I agree the manufacturing cost of the product is driven by the recurring cost of procuring the materials to fabricate it. For example, printed wiglets are manufactured to be dominated by material costs. (1) do something with the marginal benefits > meaning marginal costs of doing it. (2) start doing something when the marginal benefits = marginal cost of doing it. (3) never do something when the marginal benefits < marginal costs of doing it.
It can be easy wrongly conclude that marginal cost and total cost of the teams should always move in the same direction. That is, it total cost is rising, the marginal cost must be falling as well. To maximize the profit using marginal revenue and marginal cost, you focus on the contribution one additional unit of output makes the revenue relative to its contribution to the cost.
DISCUSSION 3 WEEK 3 ECO
I agree U.S. Postal Service face a lot of competition because they are not the only firm in its industry.
Firms are brought into existence by people in order to produce things. Economists assume that the overriding goal of all corporations is to make as big a profit possible. They make the assumptions: for example, if you ask around, profit maximization is near the top of every firm's to do list. No matter what other goals a firm may have, it still wants to maximize profits after taking steps to achieve those other goals. For instance, a firm that wants to have a factory that emits no greenhouse gases still, after it builds such a factory, wants to make as much money as possible. I think a lot of non-economics object to people's earning profits, but profits ensure that firms receive the crucial contributions of entrepreneurship. This is a factor of production, along with labor, land and capital. We could think of someone who has the opportunity to start her own business. She could keep working for someone else and receive steady wages. We have to ask, “ what is her incentive to strike out on her own and risk staring a business that may fall?” The incentive is that she will receiver the profits if the business does well. Without potential profits, no one would risk leaving a safe job in order to innovate, and also consumers as a whole would be hurt because the supply of great new products and services would come to a halt.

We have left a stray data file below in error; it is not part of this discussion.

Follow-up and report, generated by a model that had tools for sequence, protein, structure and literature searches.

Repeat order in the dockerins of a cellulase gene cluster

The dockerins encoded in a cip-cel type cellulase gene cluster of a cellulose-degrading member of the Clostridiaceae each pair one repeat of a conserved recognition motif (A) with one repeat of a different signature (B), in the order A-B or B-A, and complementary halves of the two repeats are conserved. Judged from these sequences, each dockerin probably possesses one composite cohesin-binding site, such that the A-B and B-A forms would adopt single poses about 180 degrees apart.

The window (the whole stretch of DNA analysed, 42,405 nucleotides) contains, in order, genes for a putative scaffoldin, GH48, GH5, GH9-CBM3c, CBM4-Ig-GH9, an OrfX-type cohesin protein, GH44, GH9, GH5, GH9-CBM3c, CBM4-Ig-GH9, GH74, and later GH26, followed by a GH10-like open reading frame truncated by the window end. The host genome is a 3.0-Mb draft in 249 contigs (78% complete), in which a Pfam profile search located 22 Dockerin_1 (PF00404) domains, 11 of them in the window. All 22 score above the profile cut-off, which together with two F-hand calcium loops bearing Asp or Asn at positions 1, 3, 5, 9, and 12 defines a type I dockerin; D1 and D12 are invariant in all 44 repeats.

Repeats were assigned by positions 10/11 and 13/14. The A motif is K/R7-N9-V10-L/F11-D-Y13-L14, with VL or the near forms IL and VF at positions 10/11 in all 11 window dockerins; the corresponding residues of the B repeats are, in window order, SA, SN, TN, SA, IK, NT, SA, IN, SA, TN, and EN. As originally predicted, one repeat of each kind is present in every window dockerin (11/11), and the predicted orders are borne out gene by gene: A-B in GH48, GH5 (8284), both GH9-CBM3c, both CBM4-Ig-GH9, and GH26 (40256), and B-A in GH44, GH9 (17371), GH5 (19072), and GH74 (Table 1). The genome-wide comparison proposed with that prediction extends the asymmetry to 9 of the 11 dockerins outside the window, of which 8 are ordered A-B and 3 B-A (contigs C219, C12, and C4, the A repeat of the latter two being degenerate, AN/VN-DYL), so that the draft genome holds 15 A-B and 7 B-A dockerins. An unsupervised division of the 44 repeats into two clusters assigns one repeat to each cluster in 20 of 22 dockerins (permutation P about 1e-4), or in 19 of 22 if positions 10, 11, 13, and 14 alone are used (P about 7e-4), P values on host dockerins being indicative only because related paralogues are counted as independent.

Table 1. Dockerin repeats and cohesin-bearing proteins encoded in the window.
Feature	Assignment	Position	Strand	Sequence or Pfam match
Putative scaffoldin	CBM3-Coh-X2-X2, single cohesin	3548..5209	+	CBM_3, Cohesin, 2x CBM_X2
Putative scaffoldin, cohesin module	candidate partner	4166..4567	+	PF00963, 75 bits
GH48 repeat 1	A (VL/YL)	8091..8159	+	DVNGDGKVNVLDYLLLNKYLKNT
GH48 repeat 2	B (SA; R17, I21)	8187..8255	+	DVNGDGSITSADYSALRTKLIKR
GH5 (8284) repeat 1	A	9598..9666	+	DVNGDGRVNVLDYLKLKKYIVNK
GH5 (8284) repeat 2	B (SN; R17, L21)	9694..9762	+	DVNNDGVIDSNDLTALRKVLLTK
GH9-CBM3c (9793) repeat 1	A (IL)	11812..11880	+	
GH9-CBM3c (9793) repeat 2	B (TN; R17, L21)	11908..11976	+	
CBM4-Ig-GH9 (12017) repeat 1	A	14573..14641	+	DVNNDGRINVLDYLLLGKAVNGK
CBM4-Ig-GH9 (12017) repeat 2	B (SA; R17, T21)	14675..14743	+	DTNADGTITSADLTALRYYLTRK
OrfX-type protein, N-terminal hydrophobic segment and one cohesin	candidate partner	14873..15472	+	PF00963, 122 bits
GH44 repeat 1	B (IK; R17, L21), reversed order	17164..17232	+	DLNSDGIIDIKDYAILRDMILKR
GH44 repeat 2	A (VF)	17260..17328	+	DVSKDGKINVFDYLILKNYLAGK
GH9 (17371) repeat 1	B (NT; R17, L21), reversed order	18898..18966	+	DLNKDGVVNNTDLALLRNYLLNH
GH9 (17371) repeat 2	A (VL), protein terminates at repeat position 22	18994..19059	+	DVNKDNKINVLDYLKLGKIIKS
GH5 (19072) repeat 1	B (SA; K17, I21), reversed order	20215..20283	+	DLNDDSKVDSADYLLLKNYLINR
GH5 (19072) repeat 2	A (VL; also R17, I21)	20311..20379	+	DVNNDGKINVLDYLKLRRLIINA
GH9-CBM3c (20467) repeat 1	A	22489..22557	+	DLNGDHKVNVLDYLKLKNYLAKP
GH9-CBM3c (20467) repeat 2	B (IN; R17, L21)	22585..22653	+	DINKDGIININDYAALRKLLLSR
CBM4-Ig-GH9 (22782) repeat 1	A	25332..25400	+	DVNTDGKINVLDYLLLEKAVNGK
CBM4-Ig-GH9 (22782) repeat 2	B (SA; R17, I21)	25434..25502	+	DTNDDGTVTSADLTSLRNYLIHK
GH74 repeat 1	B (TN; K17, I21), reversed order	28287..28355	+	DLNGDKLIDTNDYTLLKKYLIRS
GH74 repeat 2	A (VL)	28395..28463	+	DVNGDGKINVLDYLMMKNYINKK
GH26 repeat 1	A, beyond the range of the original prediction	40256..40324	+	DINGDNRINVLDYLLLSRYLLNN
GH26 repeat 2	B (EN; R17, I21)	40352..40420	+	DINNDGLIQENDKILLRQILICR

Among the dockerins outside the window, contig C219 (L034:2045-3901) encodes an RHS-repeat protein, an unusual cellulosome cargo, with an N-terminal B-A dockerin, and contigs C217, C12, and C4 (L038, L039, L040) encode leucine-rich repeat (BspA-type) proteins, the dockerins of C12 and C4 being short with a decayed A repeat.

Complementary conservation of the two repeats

DR. SU SUNKCOST
The economists refer to costs that have already been incurred and which should therefore not affect the current and future decision-making as sunk costs. Rationally speaking, we should consider only the future, potential marginal costs and benefits of the current. For example, suppose that we just spent $15 to get into an all-you-can-eat Sushi restaurant. How much should you eat? More specifically, when deciding how much to eat, should we care about how much we paid to get into the restaurant? To an economist, the answer to the question is eat exactly the amount of food that makes you most happy. And the answer to the second question is how much it cost you to get in doesn't matter whether you eat 1 piece of Sushi or 80 pieces of Sushi; the cost was the same, but differently, because the cost of getting into the restaurant is now in the past. It should be completely unrelated to the current decision of how much to eat. After all, if we were suddenly offered $1,000 to leave the Sushi restaurant and eat next door at a competitor's; we would have to ask ourselves, would we refuse simply because we felt like we had to eat a lot at the Sushi restaurant in order to get our money's worth out of the $15 we spent? Of course not. Unfortunately, most people tend to let sunk costs affect their decision making until an economist points out to us that sunk costs are irrelevant.
DISCUSSION 2 WEEK 3 ECO
I agree sprinting to maximum short run profits is a great idea. Given the perfectly competitive firm is a price taker, the firm supply determines the quantity of output to produce in order to